An interesting piece on the US Navy's approach to education of personnel.
PROVIDENCE, R.I. (AP) — The U.S. Navy is overhauling its approach to education because the nation no longer has a massive economic and technological edge over potential adversaries, according to a strategy it is releasing Monday. The Education for Seapower Strategy 2020, provided to The Associated Press ahead of its release, is the first unified, comprehensive education strategy for the Navy and Marine Corps, said John Kroger, who is implementing the strategy as the Navy's first chief learning officer.
I didn't see this document yet but the news is interesting and very symptomatic. As Kroeger comments on this approach he arrives to some notable conclusions, such as this:
“In a world where potential adversaries are peers economically and technologically, how do you win?" Kroger said in an interview. "We think we can out-fight potential opponents because we can out-think them. In order to do that, we must have, by far, the best military education program in the world."
But here is the catch, of which I write non-stop. Armed Forces in developed nations start from the student desk at the public schools--it is there where foundation for future personnel, be that lower rank or future officers is laid. But here one has to point out, again, that the key for the modern warfare, STEM that is, is non-existent in the American public schools as a well defined and rigorous physics-mathematics programs. To no service does this requirement applies more than to naval service, which operates the most complex technology there is embodied in modern state-of-the-art ships, submarines, their weapon systems and sensor suites. Running naval ship, as well as pretty much any modern military (air force, ground troops etc.) unit or formation requires more than just rigorous STEM training, which goes without saying, but a symbiosis of STEM and of military science (degrees not awarded in the United States) covering issues of not only operational art, strategy and history but, overall, military and general culture. As Kroger continues:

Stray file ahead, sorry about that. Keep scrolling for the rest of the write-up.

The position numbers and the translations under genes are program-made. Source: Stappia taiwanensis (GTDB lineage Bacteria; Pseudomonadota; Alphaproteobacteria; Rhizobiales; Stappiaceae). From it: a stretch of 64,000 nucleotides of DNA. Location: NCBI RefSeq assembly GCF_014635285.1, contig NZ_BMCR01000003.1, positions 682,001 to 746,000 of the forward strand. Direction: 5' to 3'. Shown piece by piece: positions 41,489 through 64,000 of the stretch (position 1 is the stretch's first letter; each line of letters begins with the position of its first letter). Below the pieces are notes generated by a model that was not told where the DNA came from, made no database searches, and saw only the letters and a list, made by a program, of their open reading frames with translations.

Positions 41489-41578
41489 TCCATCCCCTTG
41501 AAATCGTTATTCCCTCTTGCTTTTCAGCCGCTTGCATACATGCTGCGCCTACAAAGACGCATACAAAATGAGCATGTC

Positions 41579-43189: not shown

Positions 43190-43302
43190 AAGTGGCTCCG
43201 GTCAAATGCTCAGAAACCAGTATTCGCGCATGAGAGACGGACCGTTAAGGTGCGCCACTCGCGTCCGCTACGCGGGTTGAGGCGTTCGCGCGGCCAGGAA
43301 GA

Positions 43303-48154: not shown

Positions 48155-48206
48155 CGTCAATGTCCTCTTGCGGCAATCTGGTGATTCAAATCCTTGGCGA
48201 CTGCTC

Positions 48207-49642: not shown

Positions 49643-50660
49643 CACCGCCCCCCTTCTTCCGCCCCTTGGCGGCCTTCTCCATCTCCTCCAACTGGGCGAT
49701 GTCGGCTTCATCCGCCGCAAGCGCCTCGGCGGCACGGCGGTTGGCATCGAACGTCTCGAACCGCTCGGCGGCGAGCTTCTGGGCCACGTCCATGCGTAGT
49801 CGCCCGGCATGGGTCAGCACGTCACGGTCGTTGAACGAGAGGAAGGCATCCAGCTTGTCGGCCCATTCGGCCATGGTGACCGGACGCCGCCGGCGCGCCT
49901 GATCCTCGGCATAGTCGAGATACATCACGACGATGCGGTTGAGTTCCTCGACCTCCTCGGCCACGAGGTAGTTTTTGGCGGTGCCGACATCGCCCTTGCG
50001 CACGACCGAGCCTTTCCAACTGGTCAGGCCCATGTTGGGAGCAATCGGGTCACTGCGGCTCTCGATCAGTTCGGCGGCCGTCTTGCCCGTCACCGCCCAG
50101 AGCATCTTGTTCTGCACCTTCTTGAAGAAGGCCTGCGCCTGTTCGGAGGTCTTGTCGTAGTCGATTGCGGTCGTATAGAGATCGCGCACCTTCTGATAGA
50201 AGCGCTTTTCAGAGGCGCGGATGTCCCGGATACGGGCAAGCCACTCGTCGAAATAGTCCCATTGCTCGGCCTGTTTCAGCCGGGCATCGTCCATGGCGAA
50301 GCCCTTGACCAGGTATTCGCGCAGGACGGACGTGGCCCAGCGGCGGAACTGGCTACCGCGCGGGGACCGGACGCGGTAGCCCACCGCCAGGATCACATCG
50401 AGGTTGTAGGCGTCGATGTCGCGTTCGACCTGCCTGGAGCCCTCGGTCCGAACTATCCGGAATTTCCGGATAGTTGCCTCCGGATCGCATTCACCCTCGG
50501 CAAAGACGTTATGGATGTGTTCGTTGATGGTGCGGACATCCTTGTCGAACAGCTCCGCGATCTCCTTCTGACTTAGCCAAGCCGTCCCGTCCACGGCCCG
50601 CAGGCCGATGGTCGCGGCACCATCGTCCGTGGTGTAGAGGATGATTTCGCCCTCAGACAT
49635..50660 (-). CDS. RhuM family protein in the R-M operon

When the United States entered World War II, nearly all its admirals were Naval War College graduates. Now, less than a quarter of them are because the Navy hasn't stressed education as much, Kroger said.
Ah, that's warmer. In other words, it is more complex than just some, however brilliantly written, and implemented, manual but a requirement of having well-educated thinkers who lead modern militaries. Damn, I just betrayed foundations of military education and pedagogy as formulated in the Soviet Naval Academies in 1970-1980s, LOL. I am not kidding. But I can totally see where the US Navy is coming from, especially once one sees the world filled with peers. Anyhow, it is a note-worthy development as well as a admission--lacking the "edge".